Indeed, our everyday life is framed and performed: many interactions depend upon a complex network of rules and conventions that create reciprocal expectations and obligations. There is a repertory of actions, attitudes and gestures that frame our social living and, though we may not be conscious of planning or performing a role, the fact is that it does not prevent us from doing it, thus proving that «we all act better than we know how»[9].

The anthropological reasoning of Victor Turner[10] or Richard Schechner[11] on performance and performance theory addresses this broad canvas of human activities, but at the same time it recognises the difference between acting according to repeated and socially sanctioned modes of behaviour and being conscious of using trained skills for certain purposes.

When studying the «Traditional India», the American anthropologist Milton Singer[12] in the late fifties coined the term «cultural performance», using it to describe those particular instances of cultural organization as rituals, temple festivals, sporting events, political rallies, circus, exhibitions, dances, musical concerts, etc. «through which a culture articulates its self-image (…) and thereby represents and exhibits itself to its own members as well as to outsiders»[13]. Cultural performances are, in his opinion, «the most concrete observable units of a cultural structure»[14].

As Erika Fischer-Lichte[15] puts it, there is an exchange of all kinds of cultural goods and products between theatre and other spheres of social life – other institutions, cultural performances, art forms, and elements of everyday life»[16]. It is in this perspective, she writes, that «stories, rituals, ideas, concepts, perceptive modes, conventions, rules, techniques, actions, behavioural patterns, objects, etc. circulate among the different spheres [of social life], travelling to and fro»[17].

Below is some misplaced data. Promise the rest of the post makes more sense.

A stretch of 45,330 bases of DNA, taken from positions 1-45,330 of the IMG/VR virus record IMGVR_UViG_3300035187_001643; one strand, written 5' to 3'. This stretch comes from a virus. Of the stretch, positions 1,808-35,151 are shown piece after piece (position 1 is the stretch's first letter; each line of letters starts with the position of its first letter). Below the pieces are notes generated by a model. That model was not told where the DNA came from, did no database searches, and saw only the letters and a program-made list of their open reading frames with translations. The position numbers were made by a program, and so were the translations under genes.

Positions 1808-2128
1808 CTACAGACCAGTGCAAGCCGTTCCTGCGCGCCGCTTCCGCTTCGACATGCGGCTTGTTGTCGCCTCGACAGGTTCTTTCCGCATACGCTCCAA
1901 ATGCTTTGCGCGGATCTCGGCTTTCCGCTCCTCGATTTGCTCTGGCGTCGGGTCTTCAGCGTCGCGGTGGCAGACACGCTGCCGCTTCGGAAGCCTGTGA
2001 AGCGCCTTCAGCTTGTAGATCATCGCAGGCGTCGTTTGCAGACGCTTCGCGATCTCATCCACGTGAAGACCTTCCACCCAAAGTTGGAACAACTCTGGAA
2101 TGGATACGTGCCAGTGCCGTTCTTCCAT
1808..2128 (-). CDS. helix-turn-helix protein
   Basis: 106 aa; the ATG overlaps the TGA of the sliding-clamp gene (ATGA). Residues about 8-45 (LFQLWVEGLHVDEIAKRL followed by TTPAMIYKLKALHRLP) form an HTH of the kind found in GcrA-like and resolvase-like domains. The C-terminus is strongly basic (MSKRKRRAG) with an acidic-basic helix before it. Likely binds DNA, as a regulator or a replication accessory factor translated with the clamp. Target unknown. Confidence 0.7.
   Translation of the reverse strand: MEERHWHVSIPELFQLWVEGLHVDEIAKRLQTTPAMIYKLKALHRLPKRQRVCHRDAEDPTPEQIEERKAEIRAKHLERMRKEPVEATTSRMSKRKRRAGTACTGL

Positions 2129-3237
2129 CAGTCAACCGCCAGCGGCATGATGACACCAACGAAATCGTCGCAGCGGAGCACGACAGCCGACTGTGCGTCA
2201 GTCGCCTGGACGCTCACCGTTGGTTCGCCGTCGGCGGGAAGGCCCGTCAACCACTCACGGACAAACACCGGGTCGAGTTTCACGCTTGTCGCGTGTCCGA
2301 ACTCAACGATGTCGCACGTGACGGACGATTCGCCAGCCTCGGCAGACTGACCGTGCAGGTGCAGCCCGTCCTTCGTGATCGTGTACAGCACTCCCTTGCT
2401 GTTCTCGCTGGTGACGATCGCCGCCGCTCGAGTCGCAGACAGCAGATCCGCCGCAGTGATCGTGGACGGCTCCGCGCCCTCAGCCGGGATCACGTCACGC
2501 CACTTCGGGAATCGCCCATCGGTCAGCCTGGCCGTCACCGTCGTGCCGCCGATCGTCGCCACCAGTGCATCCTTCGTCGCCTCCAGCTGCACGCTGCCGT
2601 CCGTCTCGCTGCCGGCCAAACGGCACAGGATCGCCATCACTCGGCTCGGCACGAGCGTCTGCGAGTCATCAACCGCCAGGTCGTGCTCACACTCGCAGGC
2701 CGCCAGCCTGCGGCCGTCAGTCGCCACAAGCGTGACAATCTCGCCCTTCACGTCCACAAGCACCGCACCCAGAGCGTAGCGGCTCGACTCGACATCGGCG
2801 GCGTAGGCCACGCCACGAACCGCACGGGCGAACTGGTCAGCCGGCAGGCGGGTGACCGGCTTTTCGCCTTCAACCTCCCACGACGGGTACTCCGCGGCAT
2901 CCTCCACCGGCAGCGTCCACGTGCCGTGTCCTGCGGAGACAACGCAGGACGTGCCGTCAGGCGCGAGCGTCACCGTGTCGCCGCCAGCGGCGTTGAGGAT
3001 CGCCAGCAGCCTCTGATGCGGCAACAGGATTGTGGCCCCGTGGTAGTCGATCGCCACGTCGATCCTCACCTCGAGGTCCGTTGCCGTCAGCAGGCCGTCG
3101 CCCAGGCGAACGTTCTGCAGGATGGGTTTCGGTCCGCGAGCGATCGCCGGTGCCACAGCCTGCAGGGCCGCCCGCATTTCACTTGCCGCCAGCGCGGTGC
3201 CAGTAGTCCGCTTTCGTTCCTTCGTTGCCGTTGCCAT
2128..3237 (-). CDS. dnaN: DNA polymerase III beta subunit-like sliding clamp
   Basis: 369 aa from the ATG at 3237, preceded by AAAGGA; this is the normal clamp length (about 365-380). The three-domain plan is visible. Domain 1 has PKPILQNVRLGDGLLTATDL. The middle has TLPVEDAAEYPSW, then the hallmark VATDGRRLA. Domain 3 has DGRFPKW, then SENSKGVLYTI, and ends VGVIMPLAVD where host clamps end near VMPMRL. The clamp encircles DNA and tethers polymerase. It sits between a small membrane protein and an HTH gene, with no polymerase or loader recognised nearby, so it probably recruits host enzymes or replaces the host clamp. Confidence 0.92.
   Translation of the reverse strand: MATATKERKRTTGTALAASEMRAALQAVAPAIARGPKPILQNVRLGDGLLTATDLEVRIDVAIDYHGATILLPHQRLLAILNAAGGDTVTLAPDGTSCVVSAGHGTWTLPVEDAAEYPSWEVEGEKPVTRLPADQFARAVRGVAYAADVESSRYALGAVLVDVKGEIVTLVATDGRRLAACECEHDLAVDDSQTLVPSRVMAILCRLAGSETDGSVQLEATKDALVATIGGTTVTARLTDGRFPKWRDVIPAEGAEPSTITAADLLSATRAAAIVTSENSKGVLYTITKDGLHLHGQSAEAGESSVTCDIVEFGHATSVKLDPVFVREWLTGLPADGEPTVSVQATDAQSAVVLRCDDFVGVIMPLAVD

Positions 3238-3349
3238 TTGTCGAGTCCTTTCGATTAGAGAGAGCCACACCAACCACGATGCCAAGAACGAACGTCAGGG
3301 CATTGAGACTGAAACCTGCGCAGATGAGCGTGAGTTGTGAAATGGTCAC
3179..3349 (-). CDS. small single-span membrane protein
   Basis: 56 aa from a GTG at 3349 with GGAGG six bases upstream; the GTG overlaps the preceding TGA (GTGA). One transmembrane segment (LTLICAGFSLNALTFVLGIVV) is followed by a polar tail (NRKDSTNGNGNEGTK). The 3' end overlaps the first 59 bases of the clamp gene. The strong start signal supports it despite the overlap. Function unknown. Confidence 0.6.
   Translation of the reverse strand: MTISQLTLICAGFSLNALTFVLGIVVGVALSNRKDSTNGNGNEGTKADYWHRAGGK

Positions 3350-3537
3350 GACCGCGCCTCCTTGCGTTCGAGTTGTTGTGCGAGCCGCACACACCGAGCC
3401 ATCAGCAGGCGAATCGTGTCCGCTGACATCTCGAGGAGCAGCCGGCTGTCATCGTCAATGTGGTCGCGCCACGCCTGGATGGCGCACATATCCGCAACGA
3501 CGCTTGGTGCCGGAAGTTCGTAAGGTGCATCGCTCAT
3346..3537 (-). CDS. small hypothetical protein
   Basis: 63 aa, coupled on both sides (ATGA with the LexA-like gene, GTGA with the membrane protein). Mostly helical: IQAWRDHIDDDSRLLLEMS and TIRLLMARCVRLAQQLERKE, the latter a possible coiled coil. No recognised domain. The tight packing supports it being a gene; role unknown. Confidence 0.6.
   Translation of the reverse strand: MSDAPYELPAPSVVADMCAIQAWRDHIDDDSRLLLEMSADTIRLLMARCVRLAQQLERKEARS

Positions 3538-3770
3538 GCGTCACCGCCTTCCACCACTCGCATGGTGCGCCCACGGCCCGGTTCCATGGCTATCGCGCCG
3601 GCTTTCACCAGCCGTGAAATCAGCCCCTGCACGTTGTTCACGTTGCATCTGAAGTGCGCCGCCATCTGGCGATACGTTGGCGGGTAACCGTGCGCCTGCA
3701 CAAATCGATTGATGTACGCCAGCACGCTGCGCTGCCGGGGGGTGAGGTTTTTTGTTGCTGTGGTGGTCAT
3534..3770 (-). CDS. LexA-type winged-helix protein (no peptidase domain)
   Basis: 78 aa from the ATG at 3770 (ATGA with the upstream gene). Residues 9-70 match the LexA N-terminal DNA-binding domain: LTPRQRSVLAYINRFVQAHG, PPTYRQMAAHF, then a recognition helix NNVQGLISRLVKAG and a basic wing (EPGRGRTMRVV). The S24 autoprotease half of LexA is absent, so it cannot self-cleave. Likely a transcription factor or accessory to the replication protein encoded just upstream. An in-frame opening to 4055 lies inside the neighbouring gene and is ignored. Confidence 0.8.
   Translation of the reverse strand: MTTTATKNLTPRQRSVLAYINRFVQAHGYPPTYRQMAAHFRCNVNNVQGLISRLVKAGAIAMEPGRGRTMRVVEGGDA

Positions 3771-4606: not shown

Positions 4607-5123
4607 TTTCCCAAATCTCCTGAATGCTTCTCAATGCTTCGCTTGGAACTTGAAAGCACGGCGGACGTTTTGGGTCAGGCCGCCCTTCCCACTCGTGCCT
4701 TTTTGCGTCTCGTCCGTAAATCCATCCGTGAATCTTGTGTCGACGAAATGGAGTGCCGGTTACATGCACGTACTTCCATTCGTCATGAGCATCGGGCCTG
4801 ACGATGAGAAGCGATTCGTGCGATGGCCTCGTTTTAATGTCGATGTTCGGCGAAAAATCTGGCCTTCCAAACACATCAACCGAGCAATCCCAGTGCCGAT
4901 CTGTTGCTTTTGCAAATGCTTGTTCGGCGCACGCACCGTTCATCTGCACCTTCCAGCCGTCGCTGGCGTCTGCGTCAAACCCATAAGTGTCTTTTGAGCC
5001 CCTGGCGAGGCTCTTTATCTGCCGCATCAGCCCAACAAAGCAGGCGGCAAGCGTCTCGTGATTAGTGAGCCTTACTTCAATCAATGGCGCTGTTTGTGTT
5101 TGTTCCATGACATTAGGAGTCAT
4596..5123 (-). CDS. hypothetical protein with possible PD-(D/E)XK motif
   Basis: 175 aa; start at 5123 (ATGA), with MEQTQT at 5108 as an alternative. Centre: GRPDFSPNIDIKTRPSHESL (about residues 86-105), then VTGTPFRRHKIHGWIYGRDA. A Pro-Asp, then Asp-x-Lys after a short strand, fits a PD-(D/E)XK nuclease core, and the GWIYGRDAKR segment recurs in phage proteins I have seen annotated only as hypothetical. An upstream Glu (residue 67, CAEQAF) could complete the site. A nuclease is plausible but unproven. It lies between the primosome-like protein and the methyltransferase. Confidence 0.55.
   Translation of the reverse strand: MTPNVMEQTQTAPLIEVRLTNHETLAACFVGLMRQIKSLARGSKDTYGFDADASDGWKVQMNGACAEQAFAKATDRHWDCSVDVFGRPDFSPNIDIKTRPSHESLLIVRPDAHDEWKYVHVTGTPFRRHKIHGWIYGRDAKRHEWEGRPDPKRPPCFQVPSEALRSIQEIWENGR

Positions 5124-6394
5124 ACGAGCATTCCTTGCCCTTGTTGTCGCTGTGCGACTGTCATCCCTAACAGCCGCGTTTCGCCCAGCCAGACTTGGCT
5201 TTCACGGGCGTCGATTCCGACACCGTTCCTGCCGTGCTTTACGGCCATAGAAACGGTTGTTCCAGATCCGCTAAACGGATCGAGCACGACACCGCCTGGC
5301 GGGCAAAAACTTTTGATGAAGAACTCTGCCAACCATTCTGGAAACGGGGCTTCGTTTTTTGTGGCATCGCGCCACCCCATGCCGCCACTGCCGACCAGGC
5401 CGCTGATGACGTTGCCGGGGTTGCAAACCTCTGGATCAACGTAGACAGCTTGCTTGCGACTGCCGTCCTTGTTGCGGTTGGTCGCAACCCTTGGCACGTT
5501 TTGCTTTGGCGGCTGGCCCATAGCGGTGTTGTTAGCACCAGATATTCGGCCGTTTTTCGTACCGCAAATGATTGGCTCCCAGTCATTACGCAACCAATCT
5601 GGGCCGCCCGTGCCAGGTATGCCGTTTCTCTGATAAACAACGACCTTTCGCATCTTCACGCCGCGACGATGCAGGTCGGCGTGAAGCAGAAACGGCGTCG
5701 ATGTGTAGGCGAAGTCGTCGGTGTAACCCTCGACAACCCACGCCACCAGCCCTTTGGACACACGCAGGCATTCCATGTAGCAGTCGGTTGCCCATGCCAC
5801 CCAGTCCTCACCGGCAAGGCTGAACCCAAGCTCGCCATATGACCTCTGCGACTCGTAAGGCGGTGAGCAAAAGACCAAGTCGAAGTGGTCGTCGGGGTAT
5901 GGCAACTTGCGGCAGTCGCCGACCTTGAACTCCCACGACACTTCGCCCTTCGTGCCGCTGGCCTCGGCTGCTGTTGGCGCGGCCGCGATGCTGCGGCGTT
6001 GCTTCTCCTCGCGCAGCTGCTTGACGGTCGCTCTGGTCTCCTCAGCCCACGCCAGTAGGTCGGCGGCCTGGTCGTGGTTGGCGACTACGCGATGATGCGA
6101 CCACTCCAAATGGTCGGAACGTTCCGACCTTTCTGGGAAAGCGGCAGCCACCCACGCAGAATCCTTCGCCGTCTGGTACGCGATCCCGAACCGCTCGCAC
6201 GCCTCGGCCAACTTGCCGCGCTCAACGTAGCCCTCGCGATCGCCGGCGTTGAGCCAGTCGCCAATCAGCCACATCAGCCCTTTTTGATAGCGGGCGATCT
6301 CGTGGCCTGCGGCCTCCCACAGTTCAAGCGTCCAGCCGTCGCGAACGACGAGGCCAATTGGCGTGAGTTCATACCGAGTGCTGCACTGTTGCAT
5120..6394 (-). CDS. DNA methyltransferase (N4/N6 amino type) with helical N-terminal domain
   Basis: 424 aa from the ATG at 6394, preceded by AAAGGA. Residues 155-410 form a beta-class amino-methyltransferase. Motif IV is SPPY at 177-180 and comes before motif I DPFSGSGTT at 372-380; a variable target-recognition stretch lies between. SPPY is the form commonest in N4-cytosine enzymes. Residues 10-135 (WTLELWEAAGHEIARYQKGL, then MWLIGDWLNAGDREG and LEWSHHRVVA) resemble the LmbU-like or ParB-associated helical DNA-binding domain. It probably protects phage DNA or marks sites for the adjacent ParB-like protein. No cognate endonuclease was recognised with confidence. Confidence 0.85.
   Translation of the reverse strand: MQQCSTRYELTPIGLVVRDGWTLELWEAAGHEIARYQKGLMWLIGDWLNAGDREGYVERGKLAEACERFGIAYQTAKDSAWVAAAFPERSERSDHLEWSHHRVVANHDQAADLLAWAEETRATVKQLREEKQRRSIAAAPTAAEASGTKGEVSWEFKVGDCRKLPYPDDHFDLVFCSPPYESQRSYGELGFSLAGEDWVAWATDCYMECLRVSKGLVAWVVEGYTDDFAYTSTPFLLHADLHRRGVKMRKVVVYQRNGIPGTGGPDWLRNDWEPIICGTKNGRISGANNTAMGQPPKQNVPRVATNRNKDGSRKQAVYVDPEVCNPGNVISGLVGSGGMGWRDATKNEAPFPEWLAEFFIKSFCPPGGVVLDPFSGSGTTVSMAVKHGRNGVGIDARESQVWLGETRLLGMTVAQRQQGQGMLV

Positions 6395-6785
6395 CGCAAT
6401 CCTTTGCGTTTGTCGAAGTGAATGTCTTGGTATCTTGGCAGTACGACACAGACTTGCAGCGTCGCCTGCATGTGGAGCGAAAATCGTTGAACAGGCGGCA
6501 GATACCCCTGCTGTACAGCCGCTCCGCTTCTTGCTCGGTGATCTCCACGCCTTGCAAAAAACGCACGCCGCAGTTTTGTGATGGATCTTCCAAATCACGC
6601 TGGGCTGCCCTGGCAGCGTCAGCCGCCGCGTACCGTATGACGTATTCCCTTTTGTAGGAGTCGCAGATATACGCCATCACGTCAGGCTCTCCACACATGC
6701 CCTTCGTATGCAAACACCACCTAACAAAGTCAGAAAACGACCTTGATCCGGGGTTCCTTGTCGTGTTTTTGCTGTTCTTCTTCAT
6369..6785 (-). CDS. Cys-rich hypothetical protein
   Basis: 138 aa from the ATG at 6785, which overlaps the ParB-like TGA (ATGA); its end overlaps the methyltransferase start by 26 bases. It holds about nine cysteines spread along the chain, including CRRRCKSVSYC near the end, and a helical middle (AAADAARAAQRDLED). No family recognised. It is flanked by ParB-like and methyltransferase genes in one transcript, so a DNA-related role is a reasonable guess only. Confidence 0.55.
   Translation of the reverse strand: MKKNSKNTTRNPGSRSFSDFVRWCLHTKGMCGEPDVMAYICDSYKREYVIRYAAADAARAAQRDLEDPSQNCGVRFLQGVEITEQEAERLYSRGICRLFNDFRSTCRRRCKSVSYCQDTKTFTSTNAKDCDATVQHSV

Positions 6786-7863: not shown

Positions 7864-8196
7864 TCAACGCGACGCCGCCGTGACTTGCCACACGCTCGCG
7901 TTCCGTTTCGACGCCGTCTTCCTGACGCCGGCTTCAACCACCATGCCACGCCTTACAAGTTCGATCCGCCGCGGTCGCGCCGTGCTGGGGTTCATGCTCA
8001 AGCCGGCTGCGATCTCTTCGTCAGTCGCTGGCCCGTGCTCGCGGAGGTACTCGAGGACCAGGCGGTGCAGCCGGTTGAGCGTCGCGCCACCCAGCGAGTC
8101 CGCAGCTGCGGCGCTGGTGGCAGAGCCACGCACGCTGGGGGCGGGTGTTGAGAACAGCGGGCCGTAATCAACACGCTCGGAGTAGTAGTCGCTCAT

We may approach these exchanges as an attempt to «negotiate the limits between theatre and other cultural domains and to redefine them»[18], but at the same time we have to recognise that this circulation brings about real (and sometimes unexpected) changes in the different spheres. It was so, for instance, with the transfer of the central perspective from Renaissance painting into theatre: in fact, the so-called Italian stage, through architects such as Palladio (Andrea di Pietro[19]), changed the conditions of visual perspective. However, the Italian stage begot a considerable discrimination: because if it is true that those in the royal seat could enjoy a real central perspective of what was happening on stage, the fact remains that all the other spectators sitting anywhere in the auditorium would have a distorted view of that central perspective.


Skipping many other instances of cultural interaction, let us focus on the more immediate human presence and human interaction at the theatre. Because theatre is indeed presence, as Peter Brook wisely wrote in his first important book on theatre:

«I can take any empty space and call it a bare stage. A man walks across this empty space whilst someone else is watching him, and this is all that is needed for an act of theatre to be engaged»[20].